Tech – for Everyone

Tech Tips and Tricks & Advice – written in plain English.

Basic Steps For Protecting Your PC

Folks, the Internet is not Disneyland. Most knowledgeable people refer to it as the “wild, wild, West” (a reference to sheer lawlessness) but I like a different analogy better.. think of it as going into the Big City, and going down to the docks/warehouse district, alone, and at night.
You can do it, but you best be careful.

What you can do:

1: please read Top 10 things you should do to your computer. It is a checklist, and provides you with the How To’s for a (more) secure computer, as well as providing links to important (free) security downloads.
2: enable an anti-phishing filter, which can help alert you to poisoned websites before you go there. All modern browsers have a filter built in, and all you have to do is turn it on; or, you can add a toolbar/plug-in such as McAfee’s Site Advisor or – my preference – the excellent WOT.
3: make sure ALL the programs on your computer are patched and up-to-date. The easiest and most effective way to do this (IMHO) is to download and install the PSI (Personal Software Inspector) from Secunia.
4: Never respond to e-mails asking for personal information. Legitimate businesses never contact you about “important issues” via e-mail. But criminals love to go phishing!
5: Be PARANOID on the Internet. (Use common sense) Think someone can’t trace back to you? Guess again; your browser reveals a wealth of information by default. Sound too good to be true? It is. There’s no such thing as a “free iPod”… and, no, you did not win the Irish Lottery. Is looking at sexually explicit material simply irresistible? Go to one of those video rental shops that has a back room instead of clicking links and images — a malware infection can cost you all your data and/or several hundred dollars in cleanup.. and/or many hours of your time..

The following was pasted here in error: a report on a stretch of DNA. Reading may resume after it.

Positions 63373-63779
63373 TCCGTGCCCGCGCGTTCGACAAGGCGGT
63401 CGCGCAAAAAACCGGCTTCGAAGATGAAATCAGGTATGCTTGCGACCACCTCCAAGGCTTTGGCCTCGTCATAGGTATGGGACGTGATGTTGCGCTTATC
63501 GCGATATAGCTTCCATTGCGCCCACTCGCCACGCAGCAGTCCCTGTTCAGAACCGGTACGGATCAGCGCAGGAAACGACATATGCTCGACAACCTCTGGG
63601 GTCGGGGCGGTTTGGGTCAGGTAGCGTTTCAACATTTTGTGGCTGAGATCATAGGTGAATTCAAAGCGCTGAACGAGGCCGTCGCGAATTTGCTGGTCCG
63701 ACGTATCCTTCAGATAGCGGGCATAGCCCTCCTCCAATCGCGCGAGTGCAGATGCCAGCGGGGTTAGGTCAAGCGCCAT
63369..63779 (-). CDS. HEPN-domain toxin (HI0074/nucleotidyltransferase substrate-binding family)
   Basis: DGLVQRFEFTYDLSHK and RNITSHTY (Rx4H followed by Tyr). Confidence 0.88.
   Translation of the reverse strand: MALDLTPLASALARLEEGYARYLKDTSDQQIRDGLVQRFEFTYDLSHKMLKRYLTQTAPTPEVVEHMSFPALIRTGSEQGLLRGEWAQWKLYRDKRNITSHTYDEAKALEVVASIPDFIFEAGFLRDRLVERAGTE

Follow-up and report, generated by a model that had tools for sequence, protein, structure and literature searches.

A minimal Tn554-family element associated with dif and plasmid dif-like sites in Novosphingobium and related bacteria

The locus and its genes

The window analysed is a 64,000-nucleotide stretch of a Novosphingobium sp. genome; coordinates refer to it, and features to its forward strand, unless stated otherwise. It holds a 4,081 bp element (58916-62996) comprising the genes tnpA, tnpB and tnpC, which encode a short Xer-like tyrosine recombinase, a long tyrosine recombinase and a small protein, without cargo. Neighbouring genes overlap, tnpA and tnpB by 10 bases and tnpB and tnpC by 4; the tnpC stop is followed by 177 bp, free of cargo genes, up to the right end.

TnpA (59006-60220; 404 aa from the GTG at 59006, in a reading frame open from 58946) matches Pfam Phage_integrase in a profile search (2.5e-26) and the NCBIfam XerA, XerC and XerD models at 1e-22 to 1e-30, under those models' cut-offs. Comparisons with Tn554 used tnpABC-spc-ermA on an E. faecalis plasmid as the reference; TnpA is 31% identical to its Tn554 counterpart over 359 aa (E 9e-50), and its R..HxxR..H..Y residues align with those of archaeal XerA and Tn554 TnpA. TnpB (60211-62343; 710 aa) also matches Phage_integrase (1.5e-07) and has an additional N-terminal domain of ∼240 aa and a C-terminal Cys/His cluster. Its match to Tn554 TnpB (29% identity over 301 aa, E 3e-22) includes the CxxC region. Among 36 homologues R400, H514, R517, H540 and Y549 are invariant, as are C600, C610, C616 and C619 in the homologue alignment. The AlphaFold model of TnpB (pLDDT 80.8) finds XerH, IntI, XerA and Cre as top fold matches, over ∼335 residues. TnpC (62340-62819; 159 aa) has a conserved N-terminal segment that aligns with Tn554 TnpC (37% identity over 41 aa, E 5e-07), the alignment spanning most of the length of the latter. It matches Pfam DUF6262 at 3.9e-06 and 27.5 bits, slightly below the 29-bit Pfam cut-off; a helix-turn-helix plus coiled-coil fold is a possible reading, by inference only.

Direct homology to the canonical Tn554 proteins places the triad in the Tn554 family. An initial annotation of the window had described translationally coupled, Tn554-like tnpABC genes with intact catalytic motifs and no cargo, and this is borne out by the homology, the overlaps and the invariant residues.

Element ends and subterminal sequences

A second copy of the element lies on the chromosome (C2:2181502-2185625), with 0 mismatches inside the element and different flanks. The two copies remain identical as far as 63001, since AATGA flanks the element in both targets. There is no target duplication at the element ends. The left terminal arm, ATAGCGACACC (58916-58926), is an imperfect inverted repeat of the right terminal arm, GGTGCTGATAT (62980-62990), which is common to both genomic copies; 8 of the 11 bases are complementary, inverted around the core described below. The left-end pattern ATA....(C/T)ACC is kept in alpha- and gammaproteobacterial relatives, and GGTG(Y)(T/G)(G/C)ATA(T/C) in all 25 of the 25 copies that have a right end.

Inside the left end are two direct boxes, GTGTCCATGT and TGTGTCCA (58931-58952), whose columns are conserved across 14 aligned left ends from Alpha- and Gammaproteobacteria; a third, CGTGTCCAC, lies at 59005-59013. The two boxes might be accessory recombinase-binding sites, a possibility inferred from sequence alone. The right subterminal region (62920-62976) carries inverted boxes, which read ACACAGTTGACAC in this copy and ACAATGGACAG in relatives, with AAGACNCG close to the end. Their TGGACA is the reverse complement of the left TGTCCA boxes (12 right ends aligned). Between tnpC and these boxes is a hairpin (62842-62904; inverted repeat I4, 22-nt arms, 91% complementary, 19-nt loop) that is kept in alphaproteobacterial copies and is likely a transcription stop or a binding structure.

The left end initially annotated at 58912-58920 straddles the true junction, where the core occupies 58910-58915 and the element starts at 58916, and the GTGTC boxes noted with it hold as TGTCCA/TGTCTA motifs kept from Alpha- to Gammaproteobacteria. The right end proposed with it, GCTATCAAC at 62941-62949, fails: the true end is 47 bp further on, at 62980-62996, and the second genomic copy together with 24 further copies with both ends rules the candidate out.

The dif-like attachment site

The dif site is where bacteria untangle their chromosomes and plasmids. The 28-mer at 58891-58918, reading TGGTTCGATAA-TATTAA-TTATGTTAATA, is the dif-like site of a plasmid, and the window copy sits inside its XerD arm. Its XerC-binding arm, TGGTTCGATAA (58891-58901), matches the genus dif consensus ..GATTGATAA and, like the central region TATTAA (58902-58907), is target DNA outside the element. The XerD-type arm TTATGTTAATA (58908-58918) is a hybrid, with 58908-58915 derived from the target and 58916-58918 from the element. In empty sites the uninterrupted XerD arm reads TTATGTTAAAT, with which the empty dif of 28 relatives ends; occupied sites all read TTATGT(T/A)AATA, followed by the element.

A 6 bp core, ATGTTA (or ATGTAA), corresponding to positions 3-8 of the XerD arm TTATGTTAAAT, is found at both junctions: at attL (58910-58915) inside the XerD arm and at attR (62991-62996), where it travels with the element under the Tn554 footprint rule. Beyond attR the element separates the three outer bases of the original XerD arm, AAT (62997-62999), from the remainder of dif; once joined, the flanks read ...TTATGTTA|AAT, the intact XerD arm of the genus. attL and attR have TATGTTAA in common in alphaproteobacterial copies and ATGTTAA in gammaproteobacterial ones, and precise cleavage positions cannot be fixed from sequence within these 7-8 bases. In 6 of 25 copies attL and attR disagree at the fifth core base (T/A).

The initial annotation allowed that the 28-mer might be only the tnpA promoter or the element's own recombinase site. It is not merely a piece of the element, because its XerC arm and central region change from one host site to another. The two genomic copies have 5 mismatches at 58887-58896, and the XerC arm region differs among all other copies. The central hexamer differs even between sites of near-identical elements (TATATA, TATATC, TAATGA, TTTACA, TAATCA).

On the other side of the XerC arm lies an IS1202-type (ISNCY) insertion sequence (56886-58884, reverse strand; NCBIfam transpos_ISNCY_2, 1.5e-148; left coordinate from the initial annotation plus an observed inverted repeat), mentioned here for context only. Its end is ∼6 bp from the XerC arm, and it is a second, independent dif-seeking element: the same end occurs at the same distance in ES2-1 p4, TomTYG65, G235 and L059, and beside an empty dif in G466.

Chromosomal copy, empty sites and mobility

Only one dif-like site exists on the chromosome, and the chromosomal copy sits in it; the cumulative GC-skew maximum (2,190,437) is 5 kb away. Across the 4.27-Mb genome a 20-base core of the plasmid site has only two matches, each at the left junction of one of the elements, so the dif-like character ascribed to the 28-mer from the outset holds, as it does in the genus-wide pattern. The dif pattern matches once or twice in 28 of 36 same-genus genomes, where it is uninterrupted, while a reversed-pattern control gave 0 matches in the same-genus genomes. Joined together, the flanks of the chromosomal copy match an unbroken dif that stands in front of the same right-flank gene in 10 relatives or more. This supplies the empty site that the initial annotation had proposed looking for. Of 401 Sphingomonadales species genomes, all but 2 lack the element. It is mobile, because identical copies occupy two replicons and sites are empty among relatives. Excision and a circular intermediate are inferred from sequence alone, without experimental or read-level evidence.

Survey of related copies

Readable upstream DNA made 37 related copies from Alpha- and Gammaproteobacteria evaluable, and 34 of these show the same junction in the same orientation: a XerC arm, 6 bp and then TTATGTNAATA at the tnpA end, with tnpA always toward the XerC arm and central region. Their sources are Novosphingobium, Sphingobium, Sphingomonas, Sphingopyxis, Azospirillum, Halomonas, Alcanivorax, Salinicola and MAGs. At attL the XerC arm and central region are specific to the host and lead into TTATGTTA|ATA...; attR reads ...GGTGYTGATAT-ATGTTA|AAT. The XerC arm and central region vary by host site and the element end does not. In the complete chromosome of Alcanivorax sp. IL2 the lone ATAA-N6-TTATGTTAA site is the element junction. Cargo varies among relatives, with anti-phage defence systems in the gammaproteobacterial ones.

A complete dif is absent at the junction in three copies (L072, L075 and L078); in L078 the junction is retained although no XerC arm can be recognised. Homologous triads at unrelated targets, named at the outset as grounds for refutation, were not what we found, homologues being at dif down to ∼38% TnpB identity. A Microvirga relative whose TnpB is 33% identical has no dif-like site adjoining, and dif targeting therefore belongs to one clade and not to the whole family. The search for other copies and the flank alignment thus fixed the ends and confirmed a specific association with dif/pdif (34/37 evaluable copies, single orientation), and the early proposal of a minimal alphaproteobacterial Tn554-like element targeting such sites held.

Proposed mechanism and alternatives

[note: almost all of these things are “set it, then forget it” simple. You do not have to be an über-geek, or devote hours, to implement them. An ounce of prevention really is worth a pound of cure!] 

Copyright 2007-9 © Tech Paul. All rights reserved. post to jaanix

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February 4, 2009 - Posted by | advice, computers, how to, security, tech | , , , , , , , , ,

5 Comments »

  1. TechPaul,

    You will probably be seeing a post in the very near future that points to this article… This is good, very good, information for everyone (at all levels).

    Rick

    Like

    Comment by whatsonmypc | February 4, 2009 | Reply

  2. “Go to one of those video rental shops that has a back room instead of clicking links and images” – humourous, but nevertheless, solid Internet security advice.

    As usual a terrific article with the usual rock solid advice.

    Thanks for this.

    Like

    Comment by Bill Mullins | February 4, 2009 | Reply

  3. Thank you, both. Just doing my part to get the word out there, and seen by as many eyeballs as possible.

    Folks, do yourself a favor. Both of these gentlemen are the authors of what I consider to be Class A tech blogs (Class A equals “must read”) please take a look at,
    http://billmullins.wordpress.com
    http://whatsonmypc.wordpress.com
    (… and then come back here, of course.)

    Like

    Comment by techpaul | February 4, 2009 | Reply

  4. More great advice! I like your analogy about being in the city at night! That’s really good. I, too made a list of ways to surf the web safer: Staying Safe In The Wild Wild Web. One other thing I’d add about avoiding phishing is, if you do anything sensitive online, type the address in directly. That way you KNOW you weren’t forwarded to a fake site by a deceptive link.

    I’d never heard of PSI. Thanks for the tips!

    Like

    Comment by tim | February 11, 2009 | Reply

    • Secunia’s software inspector tools are a tremendous boon for those concerned with keeping the bad guys away from their machine(s) (which should be everybody. Ahem.) and the folks there deserve a special THANK YOU! for making it freely available to the public. (A big tip of my geek hat.)

      There’s two versions – an online scan that you can visit and run at any time (it checks about 1,000 common programs); and my preference, a installed version (PSI) which is far more capable and thorough (check out the “Advanced” tab) and stays ‘active’ to constantly monitor your state.

      Like

      Comment by techpaul | February 11, 2009 | Reply


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